I was very pleased to present a paper at the recent Collaborative Action Research Conference on Action Research Communities for Language Teachers (a project funded by the European Centre for Modern Languages) with my colleague, Christine Lechner from the Pädagogische Hochschule Tirol. The conference, Reflecting on Action Research in an unequal world: alternative perspectives on democracy was held at the University of Crete in Rethmyno https://carnreth2017.wixsite.com/carn. The conference was inspiring with so many examples of teacher action research in classrooms across Europe. The wonderful Cretan hospitality and beautiful setting contributed to a wonderful few days.
Employability for Languages: A Handbook which I co-edited with two of my University of Southampton colleagues, Erika Corradini and Kate Borthwick was published in the summer by Research-Publishing.net.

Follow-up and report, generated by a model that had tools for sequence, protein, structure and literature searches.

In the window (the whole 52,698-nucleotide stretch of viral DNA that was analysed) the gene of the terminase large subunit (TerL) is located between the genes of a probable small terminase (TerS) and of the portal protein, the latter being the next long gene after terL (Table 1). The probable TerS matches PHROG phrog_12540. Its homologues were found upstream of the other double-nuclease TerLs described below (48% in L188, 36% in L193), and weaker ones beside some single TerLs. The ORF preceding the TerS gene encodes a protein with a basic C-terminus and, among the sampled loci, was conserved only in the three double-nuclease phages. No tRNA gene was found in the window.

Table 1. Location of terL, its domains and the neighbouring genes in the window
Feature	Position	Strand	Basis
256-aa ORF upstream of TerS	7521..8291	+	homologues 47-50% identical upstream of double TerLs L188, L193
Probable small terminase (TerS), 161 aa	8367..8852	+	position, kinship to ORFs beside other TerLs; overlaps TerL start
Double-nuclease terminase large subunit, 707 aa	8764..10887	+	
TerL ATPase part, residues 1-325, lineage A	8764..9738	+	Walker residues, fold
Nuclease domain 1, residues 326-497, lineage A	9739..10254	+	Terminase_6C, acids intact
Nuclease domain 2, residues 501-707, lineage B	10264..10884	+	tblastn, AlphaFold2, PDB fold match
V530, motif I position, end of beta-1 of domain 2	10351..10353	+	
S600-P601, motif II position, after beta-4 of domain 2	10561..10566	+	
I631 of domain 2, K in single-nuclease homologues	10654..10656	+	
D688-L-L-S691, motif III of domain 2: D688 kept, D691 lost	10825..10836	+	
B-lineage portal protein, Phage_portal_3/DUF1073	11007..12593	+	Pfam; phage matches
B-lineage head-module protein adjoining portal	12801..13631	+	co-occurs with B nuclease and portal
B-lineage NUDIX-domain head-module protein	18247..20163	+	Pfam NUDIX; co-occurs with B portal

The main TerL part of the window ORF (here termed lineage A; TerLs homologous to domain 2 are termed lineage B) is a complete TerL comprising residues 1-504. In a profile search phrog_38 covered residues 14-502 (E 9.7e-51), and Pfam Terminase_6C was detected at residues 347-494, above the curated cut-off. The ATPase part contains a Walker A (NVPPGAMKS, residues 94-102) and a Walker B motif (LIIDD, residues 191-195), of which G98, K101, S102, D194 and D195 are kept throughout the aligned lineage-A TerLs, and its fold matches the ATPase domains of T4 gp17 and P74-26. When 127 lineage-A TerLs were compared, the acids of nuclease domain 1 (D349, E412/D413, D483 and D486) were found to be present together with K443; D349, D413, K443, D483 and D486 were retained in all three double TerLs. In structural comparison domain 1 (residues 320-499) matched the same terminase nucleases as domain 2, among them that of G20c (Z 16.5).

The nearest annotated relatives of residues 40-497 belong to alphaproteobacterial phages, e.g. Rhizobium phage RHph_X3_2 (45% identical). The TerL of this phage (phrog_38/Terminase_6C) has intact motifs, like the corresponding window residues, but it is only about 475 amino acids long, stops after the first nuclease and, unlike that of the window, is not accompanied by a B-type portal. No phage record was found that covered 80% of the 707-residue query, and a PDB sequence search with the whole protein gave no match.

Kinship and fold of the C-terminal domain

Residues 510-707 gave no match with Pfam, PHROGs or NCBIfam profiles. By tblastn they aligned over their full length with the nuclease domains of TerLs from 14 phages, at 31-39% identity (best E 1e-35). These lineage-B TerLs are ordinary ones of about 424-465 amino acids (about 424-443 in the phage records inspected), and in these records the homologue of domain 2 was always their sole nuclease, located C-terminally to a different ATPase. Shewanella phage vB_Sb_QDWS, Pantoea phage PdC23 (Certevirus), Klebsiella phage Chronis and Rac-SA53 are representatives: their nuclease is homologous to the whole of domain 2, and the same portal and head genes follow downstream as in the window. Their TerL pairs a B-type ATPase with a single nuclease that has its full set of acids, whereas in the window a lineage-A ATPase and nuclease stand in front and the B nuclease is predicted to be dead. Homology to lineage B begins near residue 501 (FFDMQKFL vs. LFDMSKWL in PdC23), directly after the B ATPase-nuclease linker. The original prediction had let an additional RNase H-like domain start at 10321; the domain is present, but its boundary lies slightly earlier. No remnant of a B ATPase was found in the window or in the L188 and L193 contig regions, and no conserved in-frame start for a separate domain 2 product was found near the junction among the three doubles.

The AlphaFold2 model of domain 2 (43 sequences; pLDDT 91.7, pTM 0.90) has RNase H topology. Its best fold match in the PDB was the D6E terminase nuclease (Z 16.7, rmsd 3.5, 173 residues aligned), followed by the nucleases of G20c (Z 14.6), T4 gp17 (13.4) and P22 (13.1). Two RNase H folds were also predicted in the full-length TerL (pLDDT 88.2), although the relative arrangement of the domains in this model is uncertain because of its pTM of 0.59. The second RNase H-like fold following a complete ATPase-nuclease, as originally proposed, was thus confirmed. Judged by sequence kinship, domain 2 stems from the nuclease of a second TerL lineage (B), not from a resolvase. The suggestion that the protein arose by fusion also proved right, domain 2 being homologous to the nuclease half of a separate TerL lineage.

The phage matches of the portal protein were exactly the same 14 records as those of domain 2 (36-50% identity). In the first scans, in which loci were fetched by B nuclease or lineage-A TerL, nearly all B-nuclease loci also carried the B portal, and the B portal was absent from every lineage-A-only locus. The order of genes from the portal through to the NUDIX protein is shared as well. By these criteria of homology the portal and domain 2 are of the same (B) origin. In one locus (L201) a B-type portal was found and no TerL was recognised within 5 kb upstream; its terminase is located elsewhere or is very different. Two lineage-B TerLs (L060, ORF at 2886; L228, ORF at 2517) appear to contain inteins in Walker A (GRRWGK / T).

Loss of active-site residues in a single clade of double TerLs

The book showcases a collection of case studies and projects which teachers have embedded into the languages curriculum to enable students in both higher education and schools to develop transferable skills and competences. The collection focuses on some highly innovative practice and also provides information on how projects have been set up and organised so that they can be replicated. I really enjoyed being on the editorial team.
All chapters are fully downloadable at the above link.
I recently presented at the London Language Show on behalf of Routes into Languages with Irena Holdsworth from Routes South West and Sarah Schechter from Routes East. Our presentation: What Routes into Languages can do for you and your school focused on exciting projects that help to take languages out of the classroom and is now online.